TIPS & TRICKS

Explaining Splunk in One Sentence: Part 1

(This post is from Dan Woods, CTO and Editor of www.CITOResearch.com, who is working on a book to help Explain the Splunk Search Language using Recipes.)

While talking to all sorts of Splunkers, Splunk devotees, and hangers on during the first day of Splunk Conf 2011, I had a fun idea. How could you explain Splunk in one sentence? This is a challenge of course because Splunk is both wide and deep in its capabilities and the applications there of. Another challenge comes from the fact that Splunk is being crafted to meet the needs of many different types of users, from the braniac early adopters on Wall Street, in universities, or at research organizations, to system administrators who are monitoring hundreds of systems, to business analysts and marketers who are focused on gaining business insights through operational intelligence.

Here goes. When asked how do you explain Splunk in one sentence, here are the answers I got, and my commentary in parentheses:

“Google for IT data.” (Kudos to Splunk marketing team for getting this meme across. It was the most common response.)

“Unlike any other other tools or databases or existing systems, Splunk has the unique ability to correlate sources of data from anywhere across your infrastructure, which can give you one view into what’s really happening so that you can start to plan, make better informed decisions, and then ask more intelligent questions about what is happening in your business.” (This response from a Splunk marketing person shows how a view of Splunk as a tool for IT and business analysis is taking hold.)

“Splunk gives you the power to starting asking the questions that you want to ask, the answers to which are important to driving your business becuause you can really correlate all your information from a bunch of different sources.”

“Splunk allows you for good or for bad to see everything about your data, which is kind of a scary thought because of often after using Splunk, people realize how much was happening under the radar.”

“Splunk allows people to see things they kind of didn’t want to see. Then they can see them and fix them and save themselves a lot of money.”

“An engine for machine data.” (Too short for my taste and only the IT insiders will get this.)

“A relational-less backend for ingesting large amounts of machine data and making that available for search, alerting, and reporting with a rich UI.” (A solid explanation for the IT crowd.)

“Splunk effectively processes real time data faster than anything else out there on the market today”

“Splunk is a map-reduce implementation that takes unstructured data, any kind of data you want to put into it, and process it faster than anything else available today, provide analytics, transform the data, and kick off events on other applications.” (This approach shows how Splunk can act as a real time brain to understand what is important and take action, not just display data.)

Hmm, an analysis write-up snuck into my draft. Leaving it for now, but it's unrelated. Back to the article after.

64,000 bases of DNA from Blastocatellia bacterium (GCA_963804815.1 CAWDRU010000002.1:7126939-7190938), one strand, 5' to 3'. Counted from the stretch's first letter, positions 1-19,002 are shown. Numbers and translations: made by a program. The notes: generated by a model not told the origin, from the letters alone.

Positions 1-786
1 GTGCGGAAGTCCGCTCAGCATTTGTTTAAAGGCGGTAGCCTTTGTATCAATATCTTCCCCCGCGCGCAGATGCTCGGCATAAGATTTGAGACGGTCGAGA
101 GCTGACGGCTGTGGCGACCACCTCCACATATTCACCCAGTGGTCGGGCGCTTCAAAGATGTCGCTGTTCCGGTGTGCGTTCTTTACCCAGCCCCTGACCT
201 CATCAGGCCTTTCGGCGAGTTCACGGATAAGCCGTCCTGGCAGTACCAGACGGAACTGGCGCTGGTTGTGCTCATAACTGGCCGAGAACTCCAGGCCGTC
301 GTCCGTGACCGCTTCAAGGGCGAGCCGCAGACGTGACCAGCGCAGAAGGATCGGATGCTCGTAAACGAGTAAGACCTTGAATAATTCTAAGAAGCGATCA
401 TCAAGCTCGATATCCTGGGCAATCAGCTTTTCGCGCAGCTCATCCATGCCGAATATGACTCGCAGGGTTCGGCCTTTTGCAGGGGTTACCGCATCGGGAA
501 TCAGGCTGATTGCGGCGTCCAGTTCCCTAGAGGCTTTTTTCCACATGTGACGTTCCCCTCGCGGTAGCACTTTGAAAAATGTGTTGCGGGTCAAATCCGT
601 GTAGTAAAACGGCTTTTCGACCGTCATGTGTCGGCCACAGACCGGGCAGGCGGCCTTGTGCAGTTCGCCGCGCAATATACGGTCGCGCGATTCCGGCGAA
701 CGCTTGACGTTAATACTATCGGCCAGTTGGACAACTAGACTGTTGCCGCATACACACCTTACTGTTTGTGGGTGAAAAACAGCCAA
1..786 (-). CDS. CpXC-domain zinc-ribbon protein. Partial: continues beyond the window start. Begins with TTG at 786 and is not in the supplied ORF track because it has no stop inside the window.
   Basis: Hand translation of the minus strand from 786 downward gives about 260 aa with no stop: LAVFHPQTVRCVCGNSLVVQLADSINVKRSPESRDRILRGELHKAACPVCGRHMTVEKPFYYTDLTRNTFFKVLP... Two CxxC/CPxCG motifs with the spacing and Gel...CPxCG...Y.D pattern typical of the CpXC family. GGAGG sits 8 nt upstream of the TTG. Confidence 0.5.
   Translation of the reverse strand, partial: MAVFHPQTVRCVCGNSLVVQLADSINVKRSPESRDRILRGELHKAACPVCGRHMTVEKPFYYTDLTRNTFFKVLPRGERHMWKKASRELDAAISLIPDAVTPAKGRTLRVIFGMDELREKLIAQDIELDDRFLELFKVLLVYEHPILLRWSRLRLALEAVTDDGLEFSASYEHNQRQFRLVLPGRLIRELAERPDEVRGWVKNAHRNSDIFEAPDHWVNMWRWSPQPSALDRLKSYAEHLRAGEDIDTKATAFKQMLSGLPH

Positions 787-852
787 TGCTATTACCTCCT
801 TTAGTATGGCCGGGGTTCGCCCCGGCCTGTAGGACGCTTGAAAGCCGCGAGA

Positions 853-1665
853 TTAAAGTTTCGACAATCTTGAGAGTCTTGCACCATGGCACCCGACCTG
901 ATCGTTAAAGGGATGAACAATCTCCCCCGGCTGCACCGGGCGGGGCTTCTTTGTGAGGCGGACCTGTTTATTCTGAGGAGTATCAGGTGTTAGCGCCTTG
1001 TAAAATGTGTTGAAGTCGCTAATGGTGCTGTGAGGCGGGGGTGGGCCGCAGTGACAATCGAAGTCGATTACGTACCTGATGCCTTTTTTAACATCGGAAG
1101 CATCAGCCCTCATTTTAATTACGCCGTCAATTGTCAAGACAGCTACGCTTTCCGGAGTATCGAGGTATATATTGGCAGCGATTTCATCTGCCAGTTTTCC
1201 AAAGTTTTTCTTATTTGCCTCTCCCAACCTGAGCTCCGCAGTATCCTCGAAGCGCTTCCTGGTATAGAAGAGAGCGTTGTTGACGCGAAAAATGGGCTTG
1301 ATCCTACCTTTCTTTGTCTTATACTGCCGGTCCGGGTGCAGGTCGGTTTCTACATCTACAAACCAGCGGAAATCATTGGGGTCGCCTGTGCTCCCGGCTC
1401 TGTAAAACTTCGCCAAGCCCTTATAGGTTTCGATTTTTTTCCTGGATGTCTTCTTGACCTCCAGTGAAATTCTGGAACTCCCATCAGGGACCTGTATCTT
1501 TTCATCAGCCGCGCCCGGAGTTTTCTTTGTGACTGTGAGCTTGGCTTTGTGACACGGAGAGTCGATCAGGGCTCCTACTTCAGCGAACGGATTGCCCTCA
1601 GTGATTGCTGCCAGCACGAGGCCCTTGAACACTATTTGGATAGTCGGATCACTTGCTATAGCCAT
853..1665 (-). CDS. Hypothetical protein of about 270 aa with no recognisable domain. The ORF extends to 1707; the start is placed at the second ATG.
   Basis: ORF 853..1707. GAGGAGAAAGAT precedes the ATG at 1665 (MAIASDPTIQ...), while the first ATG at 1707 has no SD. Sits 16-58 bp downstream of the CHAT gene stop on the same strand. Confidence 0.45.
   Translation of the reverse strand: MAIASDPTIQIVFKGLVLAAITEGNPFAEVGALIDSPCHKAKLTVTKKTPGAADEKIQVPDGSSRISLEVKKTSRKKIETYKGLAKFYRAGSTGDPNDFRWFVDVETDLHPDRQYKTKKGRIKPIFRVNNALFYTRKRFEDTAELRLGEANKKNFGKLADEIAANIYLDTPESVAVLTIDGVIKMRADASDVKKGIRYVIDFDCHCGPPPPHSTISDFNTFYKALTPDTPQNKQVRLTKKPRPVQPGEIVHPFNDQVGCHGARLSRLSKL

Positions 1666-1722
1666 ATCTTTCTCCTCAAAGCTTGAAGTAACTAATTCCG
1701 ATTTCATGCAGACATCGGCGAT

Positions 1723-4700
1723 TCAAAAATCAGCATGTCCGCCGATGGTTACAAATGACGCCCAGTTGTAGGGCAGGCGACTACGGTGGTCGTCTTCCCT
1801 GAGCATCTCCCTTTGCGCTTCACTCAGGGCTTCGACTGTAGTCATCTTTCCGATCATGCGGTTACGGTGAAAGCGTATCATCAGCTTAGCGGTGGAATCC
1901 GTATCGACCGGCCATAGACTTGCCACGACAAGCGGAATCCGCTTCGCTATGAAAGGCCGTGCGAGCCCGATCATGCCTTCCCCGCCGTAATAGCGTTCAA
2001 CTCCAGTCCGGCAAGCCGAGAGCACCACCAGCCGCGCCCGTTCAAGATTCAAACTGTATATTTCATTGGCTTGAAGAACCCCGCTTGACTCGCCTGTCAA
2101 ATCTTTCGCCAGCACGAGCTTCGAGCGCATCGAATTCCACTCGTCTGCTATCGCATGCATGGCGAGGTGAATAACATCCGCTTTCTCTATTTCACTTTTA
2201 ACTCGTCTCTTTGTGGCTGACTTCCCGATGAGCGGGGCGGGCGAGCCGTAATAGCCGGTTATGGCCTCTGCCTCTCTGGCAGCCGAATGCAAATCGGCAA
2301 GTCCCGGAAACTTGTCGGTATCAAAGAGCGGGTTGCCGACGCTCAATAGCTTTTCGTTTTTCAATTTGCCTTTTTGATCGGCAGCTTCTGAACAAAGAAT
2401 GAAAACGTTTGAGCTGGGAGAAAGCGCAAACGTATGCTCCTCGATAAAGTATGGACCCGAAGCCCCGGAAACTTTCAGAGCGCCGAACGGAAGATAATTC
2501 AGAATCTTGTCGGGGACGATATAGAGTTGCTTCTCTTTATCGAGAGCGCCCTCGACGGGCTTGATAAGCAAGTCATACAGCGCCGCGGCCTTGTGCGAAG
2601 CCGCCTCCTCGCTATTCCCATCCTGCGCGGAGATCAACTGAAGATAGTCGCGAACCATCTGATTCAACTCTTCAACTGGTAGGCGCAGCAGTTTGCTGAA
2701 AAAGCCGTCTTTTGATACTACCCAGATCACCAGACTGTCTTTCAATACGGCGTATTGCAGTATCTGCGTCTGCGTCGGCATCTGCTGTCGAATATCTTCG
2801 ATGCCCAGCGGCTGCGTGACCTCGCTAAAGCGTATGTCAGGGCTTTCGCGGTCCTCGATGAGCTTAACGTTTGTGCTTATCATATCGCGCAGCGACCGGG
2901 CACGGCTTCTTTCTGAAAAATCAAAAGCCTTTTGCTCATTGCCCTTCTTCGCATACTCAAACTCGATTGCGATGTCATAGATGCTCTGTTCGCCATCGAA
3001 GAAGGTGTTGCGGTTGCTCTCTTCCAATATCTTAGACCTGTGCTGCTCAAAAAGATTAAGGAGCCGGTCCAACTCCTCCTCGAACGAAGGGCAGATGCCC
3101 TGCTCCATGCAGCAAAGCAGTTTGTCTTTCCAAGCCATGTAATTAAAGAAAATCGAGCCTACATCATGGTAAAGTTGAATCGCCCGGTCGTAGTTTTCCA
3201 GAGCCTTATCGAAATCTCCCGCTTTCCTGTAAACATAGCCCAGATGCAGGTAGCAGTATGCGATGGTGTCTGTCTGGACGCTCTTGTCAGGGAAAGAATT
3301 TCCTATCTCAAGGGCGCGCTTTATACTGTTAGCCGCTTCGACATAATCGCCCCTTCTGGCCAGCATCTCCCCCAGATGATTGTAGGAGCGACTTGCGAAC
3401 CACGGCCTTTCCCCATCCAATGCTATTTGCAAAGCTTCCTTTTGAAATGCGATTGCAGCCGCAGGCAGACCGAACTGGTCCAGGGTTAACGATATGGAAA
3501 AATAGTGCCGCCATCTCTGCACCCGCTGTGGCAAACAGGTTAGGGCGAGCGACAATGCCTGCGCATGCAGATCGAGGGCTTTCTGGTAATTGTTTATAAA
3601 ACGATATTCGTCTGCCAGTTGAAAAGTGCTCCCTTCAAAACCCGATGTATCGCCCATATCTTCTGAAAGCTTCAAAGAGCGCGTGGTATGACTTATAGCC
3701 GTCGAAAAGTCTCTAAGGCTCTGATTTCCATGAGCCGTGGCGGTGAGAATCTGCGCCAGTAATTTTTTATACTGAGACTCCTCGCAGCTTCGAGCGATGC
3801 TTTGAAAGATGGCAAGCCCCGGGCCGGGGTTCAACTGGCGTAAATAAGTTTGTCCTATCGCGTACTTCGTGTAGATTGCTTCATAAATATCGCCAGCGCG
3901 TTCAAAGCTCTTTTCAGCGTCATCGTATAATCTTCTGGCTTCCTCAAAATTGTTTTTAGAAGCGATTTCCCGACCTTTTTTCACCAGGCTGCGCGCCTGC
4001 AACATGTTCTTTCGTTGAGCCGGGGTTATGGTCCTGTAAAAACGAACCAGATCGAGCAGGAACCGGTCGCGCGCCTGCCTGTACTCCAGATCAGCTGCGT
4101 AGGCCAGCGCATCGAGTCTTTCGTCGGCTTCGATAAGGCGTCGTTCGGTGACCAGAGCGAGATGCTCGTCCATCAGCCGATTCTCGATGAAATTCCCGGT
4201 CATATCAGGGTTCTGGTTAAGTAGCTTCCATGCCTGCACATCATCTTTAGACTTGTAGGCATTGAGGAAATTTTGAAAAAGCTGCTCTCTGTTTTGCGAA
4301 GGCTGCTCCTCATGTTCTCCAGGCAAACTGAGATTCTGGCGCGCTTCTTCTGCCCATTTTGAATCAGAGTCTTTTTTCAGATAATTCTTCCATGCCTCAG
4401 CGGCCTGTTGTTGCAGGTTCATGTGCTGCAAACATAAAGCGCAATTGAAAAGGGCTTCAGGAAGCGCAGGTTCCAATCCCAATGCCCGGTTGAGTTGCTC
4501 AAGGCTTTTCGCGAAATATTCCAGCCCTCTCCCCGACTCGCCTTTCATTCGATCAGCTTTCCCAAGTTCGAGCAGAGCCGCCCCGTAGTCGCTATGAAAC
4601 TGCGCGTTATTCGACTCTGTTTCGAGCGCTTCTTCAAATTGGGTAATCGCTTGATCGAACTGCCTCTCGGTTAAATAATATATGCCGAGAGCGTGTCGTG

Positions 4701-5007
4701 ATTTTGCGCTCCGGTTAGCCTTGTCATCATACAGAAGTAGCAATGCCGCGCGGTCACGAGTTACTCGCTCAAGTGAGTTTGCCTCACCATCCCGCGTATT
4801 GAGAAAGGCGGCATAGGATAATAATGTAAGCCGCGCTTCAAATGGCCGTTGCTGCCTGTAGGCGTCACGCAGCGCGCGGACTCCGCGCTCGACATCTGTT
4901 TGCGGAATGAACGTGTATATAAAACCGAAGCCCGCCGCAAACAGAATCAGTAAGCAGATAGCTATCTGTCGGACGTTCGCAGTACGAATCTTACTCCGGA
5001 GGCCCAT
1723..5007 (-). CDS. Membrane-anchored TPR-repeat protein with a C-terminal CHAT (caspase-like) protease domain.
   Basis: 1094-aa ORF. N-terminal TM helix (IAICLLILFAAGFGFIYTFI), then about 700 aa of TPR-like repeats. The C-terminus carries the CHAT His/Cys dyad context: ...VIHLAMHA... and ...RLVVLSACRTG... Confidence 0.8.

“Splunk is a Swiss Army Knife that we use for everything, to analyze every bit of our data on the business side and the operations side, from operations to inventory to alerting.” (From a Splunk customer who is considering replacing their monitoring software with Splunk.)

“Super grep.” (A good analogy to begin a discussion, but one that leaves a lot out.)

“Splunk actually makes your logs useful.” (A good practical IT-focused value message.)

“An IT search engine that allows you to collect, index, analyze, and monitor all of your machine data from across your entire environment.” (A strong message for the IT user.)

“Search engine for all your business data.” (Expands the scope of the data addressed in the search engine.)

“An engine for all your operational data that helps you get intelligence to drive all kinds of business decisions.”

“Log aggregation and visualization.”

“Order from machine data chaos.”

“Splunk is an analytics engine for machine data”

“Splunk unlocks the value of the vast majority of the data out there.”

“An expert tool for experts.”

“Splunk is the tool that can enable you to really understand what is happening in your environment with regard to your infrastructure, network, databases, middleware, you name it.”

“Splunk is a transactional, non-structured, data analysis tool.”

“Splunk is search and analysis software for unstructured machine data.”

“Splunk lets you search and analyze all of your time series data.”

These responses show the way that Splunk has a personality that is commonly understood, but also means different things to different people. In part 2 I will try to boil these messages down and look to what Splunk will for specific audiences as the product evolves over the next year.

guest
Posted by

guest

Join the Discussion